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Marine Corps Seeking New Vehicle for Aircraft Rescue 


By Valerie Insinna 


The Marine Corps has made due with 30-year-old aircraft-rescue and firefighting vehicles that no longer meet current operational standards. The service plans to field a replacement in the coming years.

Oshkosh Defense — which manufactured the P-19 fleet currently used by the Marine Corps to conduct firefighting and rescue missions at its airfields — in May received an estimated $192 million contract to build a new model.

Legacy vehicles do not currently meet the National Fire Protection Association’s minimum standards, but the P-19 replacement (P-19R) will be compliant, said John Bryant, the company’s vice president and general manager.

The new standards require that vehicles have better acceleration and be able to handle severe slopes and rough terrain. “These vehicles may have to move in a convoy over difficult terrain in an expeditionary environment,” Bryant said.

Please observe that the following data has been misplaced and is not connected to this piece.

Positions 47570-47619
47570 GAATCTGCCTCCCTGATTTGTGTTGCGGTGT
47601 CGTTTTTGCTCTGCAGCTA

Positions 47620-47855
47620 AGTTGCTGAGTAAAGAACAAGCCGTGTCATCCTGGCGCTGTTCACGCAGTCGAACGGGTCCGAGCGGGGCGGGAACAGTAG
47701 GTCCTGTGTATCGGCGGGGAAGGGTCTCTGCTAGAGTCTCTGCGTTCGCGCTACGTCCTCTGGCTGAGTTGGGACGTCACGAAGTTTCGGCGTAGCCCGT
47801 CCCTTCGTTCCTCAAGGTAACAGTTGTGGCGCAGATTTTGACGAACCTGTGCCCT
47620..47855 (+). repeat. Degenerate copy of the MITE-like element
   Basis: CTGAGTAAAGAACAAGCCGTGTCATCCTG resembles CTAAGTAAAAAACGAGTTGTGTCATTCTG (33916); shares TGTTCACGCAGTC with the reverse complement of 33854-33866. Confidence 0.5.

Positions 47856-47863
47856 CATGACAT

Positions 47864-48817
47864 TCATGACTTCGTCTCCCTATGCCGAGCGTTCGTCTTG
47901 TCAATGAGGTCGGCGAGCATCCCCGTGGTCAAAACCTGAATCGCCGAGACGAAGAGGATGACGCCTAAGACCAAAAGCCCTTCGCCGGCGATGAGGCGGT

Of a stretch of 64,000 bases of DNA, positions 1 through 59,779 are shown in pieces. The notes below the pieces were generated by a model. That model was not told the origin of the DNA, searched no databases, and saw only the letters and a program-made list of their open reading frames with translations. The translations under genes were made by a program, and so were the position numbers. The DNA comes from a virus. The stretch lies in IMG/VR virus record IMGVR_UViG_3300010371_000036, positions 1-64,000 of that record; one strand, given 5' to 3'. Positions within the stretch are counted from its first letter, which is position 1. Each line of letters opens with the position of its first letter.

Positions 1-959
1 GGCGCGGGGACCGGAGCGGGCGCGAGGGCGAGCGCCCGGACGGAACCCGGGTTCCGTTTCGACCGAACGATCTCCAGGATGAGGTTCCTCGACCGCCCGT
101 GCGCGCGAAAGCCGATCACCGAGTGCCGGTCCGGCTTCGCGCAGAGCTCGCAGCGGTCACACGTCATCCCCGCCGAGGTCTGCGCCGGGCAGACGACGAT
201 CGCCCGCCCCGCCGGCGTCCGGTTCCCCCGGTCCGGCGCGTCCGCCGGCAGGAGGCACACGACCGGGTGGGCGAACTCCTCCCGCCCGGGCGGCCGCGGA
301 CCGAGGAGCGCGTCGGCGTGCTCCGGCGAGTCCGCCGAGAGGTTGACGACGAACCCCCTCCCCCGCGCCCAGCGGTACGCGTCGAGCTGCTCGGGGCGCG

To accommodate this need, the new vehicles will be built with a 600 horsepower engine instead of the P-19’s 400 horsepower engine.

The replacements will be equipped with a stronger suspension system, the TAK-4, which is used on mine resistant ambush protected vehicles. The P-19R will also have improved ergonomics in the cab for a more comfortable ride.

The P-19R design is based on the company’s logistics vehicle system replacement currently used by the Marine Corps and the Striker firefighting truck used at commercial airports.

Oshkosh has already built three P-19R prototypes, which will undergo internal testing before being delivered to the Marine Corps as early as November. The Marine Corps will then do its own testing of the vehicles to be concluded next summer.

The company will build 17 vehicles under low-rate initial production. It expects to produce 148 trucks in full-rate production, although the contract allows for up to 200, Bryant said. Work on the trucks is scheduled to be completed by May 2018.

Photo Credit: Oshkosh

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